When a classic action movie appears on your Netflix home screen or a new mystery series rises to the top of your Amazon account as something you might like, you know it’s an algorithm at work. But those are just the transparent ones.

Increasingly, algorithms are everywhere, for they are the digital DNA of modern life. They aren’t just making media suggestions. They’re also enabling every online search, screening job candidates, powering customer service chatbots, and deciding who qualifies for a bank loan.

“Algorithms and data-driven decision-making are being used more frequently to power all kinds of decisions within organizations,” says Omar Besbes, the Vikram S. Pandit Professor of Business. The study of data-driven algorithmic decision-making is at the heart of a new CBS think tank helmed by Besbes, the Algorithmic Economy Lab, which is part of the School’s Digital Future Initiative.

Given the widespread adoption of algorithms across all types of industries, it’s imperative that we research and refine this still-evolving field, Besbes says.

“There are a variety of questions that arise about the technology that supports real-time decision-making with data-driven algorithms,” he adds. “But there are also questions about the value that can be captured through more sophisticated algorithms—and the sometimes unintended consequences that can emerge as a result.”

The new lab will delve into these and other unanswered questions by focusing on research, teaching, and engagement with the business community. One key area of investigation will be the issues that may arise from the proliferation of algorithms, and why it’s important for us to understand how they interact.

For instance, if two competing firms use similar but different algorithms, what are the implications? Will the outcomes be more accurate? Or might the results influence each other and lead to less accurate outcomes? If one firm’s algorithmic trading orders are triggered by a specific set of circumstances, such as having a preset buy order for a target price-earnings ratio, how might the market be influenced by another firm’s preset order? With the potential for complementary or competing algorithms triggering trades, what are the unintended consequences and potential risk exposure for the firms? Promoting a mindset of algorithms as a system helps unearth these essential questions, says Besbes.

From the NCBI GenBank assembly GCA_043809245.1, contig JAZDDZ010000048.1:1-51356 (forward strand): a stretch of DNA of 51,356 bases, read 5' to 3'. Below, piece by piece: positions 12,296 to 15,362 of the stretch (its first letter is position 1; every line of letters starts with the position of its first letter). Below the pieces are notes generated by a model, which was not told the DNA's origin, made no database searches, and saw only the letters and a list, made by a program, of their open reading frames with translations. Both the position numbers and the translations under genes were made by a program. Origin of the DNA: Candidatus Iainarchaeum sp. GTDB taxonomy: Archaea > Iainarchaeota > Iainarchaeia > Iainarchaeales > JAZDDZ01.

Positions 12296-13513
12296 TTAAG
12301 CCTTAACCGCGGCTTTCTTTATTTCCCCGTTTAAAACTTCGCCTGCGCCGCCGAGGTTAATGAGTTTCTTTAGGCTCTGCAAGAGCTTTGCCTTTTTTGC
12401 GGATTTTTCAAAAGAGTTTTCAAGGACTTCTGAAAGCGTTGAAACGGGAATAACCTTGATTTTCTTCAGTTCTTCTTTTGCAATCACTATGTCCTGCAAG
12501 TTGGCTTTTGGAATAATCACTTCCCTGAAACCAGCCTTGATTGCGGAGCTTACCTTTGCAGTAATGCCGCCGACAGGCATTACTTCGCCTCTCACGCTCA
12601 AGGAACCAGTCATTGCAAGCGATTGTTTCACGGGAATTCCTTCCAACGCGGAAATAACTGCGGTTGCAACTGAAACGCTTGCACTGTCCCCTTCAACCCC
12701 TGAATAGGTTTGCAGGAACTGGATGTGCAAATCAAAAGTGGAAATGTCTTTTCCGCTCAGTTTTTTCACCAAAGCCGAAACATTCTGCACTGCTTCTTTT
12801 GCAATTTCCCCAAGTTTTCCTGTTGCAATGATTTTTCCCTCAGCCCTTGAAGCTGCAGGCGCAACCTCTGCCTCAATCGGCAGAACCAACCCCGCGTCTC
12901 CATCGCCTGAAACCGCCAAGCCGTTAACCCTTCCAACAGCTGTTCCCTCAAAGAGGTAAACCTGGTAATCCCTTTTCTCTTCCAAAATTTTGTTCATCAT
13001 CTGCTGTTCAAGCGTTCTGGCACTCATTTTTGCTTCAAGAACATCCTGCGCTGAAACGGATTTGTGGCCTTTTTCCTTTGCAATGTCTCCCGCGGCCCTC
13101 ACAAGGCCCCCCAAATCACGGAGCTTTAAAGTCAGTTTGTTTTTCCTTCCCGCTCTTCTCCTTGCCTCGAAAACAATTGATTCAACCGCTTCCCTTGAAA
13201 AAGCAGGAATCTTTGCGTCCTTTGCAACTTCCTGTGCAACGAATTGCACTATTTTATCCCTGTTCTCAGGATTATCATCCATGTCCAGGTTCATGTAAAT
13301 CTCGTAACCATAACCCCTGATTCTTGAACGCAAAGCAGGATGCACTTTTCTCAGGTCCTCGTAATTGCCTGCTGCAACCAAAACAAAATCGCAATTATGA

Another critical area to explore is trust in the way algorithms are used. Besbes notes that customers are more willing to use services where trust and transparency are central. The lab will therefore explore how to avoid biases, ensure privacy and transparency, and increase trust in an algorithmic economy.

Preparing students to successfully parse data— and manage teams and companies that rely heavily on algorithms—requires a parallel shift in the classroom. Even a decade ago, companies appreciated that data analytics was critical, but the focus was on hiring data scientists, Besbes says. Over time, there has been a growing understanding that data scientists may lack the institutional knowledge to ask the right questions, while those who ask the right questions may not always have the technical abilities to answer them.

The CBS curriculum teaches students to understand data science and have the business acumen to help a company solve the problem at hand, Besbes says.

“There’s a sweet spot where individuals are digitally and technically literate but not necessarily specialists—and they can challenge data scientists,” Besbes says. “Columbia Business School’s graduates are uniquely positioned to play that role because with their business acumen, they’re able to ask the right questions but also have the sufficient technical and digital literacy to be able to challenge and guide the analysis.